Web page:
|Coffee and Molasses Brined Pork Chop with Roasted Corn Salsa and Watercress Salad|
Mrs. Stuntman started with a new employer recently and, while she is getting acquainted with her new colleagues, it presented an opportunity to introduce myself through my food. You see, I'll normally prepare at least one extra serving of whatever we eat for dinner so she can brown bag the leftovers the next day.
Since Seattle is known for coffee, I wanted to feature it in a savory application, especially since the food pairing in The Flavor Bible suggest a dessert. The concept of pairing pork with coffee isn't new to me but I wanted to explore it more, especially since the coffee in the other pork with coffee dish I've prepared had a muted coffee flavor. I knew that pork pairs well with sweet flavors (which is the reason why apples pair so well with pork), so I thought corn might be an interesting substitution in addition to balancing out the flavors with a mild spice and acid. Also, after performing a Google image search for pork chops fine dining, I noticed that nearly all were double cut with the bone frenched, so I wanted to present my dish in a similar manner. While double cut chops would have been too large a portion for my family, I did ask the supermarket where I purchased them to French my chops.
Make Mrs. Stuntman's colleagues envious of her brown bag lunch by elevating it.
To execute this dish, I compiled from a number of different sources. I adapted the brine from allrecipes.com; the salsa from Eating Well magazine and the salad from Food & Wine magazine.
1 tablespoon fresh lemon juice
3 tablespoons plus 1 tablespoon extra-virgin olive oil, divided
1/4 cup kosher salt plus more for seasoning, divided
Freshly ground black pepper
2 cups water
1 1/2 cups strongly brewed coffee
3 tablespoons dark brown sugar
2 tablespoons molasses
1 cup ice cubes
4 bone-in pork rib chops about 1/2-inch thick, frenched
4 cups corn kernels
1 red bell pepper, diced
1/4 cup red onion, chopped
2 tablespoons lime juice
2 tablespoons cilantro, chopped
t tablespoon fresh basil, chopped
1/2 teaspoon ground cumin
1 bunch watercress leaves, stems removed
1. Prepare the salad dressing. Combine the lemon juice, 3 tablespoons olive oil in a small bowl and season with salt and pepper. Set aside.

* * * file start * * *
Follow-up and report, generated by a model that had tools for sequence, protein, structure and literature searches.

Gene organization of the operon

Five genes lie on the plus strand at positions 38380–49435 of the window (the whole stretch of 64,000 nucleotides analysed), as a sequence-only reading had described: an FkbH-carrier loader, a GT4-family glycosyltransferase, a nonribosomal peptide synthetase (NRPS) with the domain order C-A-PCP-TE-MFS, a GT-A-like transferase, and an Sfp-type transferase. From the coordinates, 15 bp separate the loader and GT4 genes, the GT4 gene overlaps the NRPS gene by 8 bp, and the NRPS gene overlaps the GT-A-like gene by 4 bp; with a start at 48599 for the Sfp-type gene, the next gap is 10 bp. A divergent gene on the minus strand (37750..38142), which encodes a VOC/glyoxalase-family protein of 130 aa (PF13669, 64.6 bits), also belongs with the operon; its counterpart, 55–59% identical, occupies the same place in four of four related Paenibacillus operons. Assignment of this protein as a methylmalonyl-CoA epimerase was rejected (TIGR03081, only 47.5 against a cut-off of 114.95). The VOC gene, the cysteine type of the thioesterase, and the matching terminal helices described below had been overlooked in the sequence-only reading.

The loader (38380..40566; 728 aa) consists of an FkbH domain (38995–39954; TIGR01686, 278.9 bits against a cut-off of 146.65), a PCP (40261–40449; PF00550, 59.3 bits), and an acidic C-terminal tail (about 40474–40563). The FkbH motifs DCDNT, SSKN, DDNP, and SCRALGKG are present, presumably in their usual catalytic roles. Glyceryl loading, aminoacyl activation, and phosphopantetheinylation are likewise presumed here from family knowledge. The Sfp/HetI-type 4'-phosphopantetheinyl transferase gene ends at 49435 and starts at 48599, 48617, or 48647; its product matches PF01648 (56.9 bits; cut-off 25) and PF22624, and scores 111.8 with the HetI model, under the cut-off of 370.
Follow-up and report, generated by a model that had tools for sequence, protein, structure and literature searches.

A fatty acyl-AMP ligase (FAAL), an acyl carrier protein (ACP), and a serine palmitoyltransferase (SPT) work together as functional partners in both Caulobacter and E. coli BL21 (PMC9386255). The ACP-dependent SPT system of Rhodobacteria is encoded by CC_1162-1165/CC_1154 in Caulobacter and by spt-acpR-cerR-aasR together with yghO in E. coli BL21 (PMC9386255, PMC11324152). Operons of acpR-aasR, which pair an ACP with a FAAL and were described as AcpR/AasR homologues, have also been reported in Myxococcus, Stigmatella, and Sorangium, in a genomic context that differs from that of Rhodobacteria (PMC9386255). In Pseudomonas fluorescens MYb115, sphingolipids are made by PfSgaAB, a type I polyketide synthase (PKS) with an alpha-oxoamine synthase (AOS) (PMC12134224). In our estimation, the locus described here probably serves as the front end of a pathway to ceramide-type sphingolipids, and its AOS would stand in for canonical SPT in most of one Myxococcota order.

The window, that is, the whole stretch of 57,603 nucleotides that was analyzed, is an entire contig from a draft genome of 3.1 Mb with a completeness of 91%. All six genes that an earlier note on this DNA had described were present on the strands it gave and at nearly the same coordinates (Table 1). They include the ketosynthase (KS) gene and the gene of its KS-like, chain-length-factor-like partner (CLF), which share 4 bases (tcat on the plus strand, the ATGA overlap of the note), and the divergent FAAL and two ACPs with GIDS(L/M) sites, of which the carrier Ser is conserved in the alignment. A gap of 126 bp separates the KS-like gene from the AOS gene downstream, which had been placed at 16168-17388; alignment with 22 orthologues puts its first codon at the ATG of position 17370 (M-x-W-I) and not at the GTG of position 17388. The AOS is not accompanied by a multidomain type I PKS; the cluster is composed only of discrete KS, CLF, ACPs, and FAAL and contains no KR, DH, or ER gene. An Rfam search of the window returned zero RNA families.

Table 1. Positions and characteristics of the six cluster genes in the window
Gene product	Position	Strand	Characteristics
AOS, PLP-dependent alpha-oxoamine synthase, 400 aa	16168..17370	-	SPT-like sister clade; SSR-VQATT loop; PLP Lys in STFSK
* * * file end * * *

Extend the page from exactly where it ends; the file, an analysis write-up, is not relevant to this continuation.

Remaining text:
2. Brine the pork chops. Combine the water, coffee, brown sugar, 1/4 cup kosher salt, molasses in a large bowl and stir until the salt and sugar dissolve. Place the pork chops in a large resealable bag with the ice cubes and pour the brine over the pork. Seal the bag and refrigerate for 3 hours.
3. Prepare the salsa. While the pork is in the brine, place a cast iron skillet over medium heat. Once hot, add the corn and red bell pepper and cook, stirring periodically until browned, approximately 12 to 15 minutes. Transfer the mixture to a large bowl, then stir in the red onion, lime juice, cilantro, basil, and cumin. Season to taste with salt and pepper, then set aside at room temperature for 30 minutes.
4. Finish the pork and complete the dish. Remove the pork from the brine and discard the brine. Pat the chops dry with paper towels, then season with salt and pepper. Heat the remaining tablespoon olive oil over medium high heat and, once hot, sear the pork chops, in batches if necessary, 3 to 4 minutes per side. Remove the chops to a plate to allow for carryover cooking. While the pork rests, whisk the salad dressing again, then toss with the watercress. To present, spoon some salsa onto a warmed plate, top on one side with a pork chop and garnish with the watercress. Serve immediately.
I'll confess and note here that by the time I got to the pork, it had been sitting in the brine for closer to four hours. I was praying that my protein was not over-brined but my fears were nullified when the first thing Mrs. Stuntman noticed was how juicy the pork was. In addition, the coffee infused into the pork giving it a deep, rich flavor which contrasted well with the corn salsa which was well balanced on its own. I also slightly overdressed the watercress but the lemon in the dressing gave the dish a brightness. Overall, each element complemented the other.
Finally, Mrs. Stuntman reports that her lunch breaks are spent alone because she thinks her colleagues feel inadequate with their sandwiches bought from the delicatessen next door.